Mercedes will RIP UP 2024 car designs after nightmare Brazilian GP

Mercedes will RIP UP designs for next season’s car after nightmare display at the Brazilian Grand Prix, admits Toto Wolff… with beleagured team boss claiming there is ‘something fundamentally wrong’

  • Mercedes remain well off the pace and there are already concerns for next year 
  • Toto Wolff knows designs for 2024 will have to be ripped up and started over 
  • READ: This was the moment embarrassing day of Lewis Hamilton’s entire career 

Beleaguered Mercedes team principal Toto Wolff has admitted he will rip up the Mercedes’ car design for next year.

The 51-year-old Austrian is under the biggest strain of his career to piece back together the threads of his once dominant outfit, and is at a loss to explain the extraordinarily poor performance in Sunday’s Brazilian Grand Prix.

Lewis Hamilton was 1min 3sec off winner Max Verstappen, while George Russell retired with engine failure. 

The Silver Arrows were way off the pace and only the sixth best team behind Red Bull, McLaren, Aston Martin, Ferrari and Alpine.

Wolff said: ‘A lot of change (is needed). We need a different car next year. And today proves that is the right thing to do.

Mercedes’ display at the Brazilian Grand Prix has triggered a rethink ahead of next season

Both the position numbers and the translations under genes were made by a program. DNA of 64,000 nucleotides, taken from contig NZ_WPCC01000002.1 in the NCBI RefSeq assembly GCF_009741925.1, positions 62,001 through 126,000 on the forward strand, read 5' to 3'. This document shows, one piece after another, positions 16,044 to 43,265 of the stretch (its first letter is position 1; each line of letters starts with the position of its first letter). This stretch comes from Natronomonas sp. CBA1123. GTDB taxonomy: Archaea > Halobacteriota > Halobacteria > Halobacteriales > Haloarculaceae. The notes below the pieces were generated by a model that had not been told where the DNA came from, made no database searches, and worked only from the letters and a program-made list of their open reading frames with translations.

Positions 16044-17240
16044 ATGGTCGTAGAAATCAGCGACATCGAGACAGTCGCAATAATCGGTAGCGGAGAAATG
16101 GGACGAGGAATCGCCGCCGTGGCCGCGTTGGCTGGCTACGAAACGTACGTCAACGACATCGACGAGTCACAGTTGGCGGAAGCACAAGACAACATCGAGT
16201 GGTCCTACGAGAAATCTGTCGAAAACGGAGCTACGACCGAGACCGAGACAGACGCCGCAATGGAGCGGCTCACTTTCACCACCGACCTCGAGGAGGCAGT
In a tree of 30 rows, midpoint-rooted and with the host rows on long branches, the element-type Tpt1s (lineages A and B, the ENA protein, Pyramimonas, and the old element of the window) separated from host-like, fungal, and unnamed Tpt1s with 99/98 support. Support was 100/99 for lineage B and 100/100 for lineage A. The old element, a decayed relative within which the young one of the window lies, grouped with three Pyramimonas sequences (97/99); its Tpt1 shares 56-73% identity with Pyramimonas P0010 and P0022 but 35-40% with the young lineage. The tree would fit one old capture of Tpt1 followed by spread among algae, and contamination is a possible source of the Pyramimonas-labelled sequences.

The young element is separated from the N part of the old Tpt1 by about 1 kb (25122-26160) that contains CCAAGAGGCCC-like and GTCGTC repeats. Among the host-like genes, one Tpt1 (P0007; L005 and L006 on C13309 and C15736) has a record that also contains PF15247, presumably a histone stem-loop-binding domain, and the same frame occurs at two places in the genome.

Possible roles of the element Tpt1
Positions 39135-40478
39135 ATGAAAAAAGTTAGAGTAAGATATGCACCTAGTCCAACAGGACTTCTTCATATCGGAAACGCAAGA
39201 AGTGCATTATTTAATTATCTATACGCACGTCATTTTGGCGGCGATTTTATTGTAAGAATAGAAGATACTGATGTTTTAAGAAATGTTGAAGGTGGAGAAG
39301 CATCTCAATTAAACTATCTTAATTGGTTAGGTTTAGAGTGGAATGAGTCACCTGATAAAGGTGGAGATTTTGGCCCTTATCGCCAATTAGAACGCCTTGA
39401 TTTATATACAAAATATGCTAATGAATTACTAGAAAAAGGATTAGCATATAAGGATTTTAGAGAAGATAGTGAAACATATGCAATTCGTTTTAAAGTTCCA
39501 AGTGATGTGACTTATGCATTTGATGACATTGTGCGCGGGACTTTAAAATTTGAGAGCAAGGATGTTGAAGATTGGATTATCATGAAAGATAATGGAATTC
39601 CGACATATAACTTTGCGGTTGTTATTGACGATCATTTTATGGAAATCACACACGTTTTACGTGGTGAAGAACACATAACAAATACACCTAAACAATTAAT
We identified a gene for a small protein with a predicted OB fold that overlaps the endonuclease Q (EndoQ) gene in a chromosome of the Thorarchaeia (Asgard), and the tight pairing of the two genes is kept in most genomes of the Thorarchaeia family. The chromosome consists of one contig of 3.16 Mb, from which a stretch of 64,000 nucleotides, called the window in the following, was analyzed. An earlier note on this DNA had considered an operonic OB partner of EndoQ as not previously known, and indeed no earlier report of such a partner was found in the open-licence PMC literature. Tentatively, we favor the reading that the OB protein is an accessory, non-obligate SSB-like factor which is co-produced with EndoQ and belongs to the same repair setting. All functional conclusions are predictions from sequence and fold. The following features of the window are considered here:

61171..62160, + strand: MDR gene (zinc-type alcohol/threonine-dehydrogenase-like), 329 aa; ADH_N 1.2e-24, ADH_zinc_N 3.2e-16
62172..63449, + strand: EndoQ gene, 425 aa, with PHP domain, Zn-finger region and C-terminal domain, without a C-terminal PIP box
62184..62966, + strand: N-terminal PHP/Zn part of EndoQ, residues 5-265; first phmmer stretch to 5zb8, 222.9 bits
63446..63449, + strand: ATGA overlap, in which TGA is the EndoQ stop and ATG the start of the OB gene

Team boss Toto Wolff has revealed that designs for next season’s car will now be ripped up

‘At least we know that the trajectory of changing is right. It feels horrible for the whole team. And I wish we could start the new season concentrating on the new car.

‘There is something fundamentally wrong mechanically. It’s not a rear wing and it’s not the car being slightly too high. Because we are talking a millimetre or two. That is performance but it is not the explanation for a total off-weekend.

‘This car, the development of this car, has been more plasters we put on something not right, and it shows that it is so unpredictable that it can swing either side.’

Wolff has been at a loss over what to do over the car’s design for months, and a recent upgrade, brought in two weeks ago in Austin, to the floor has not delivered reliable results.

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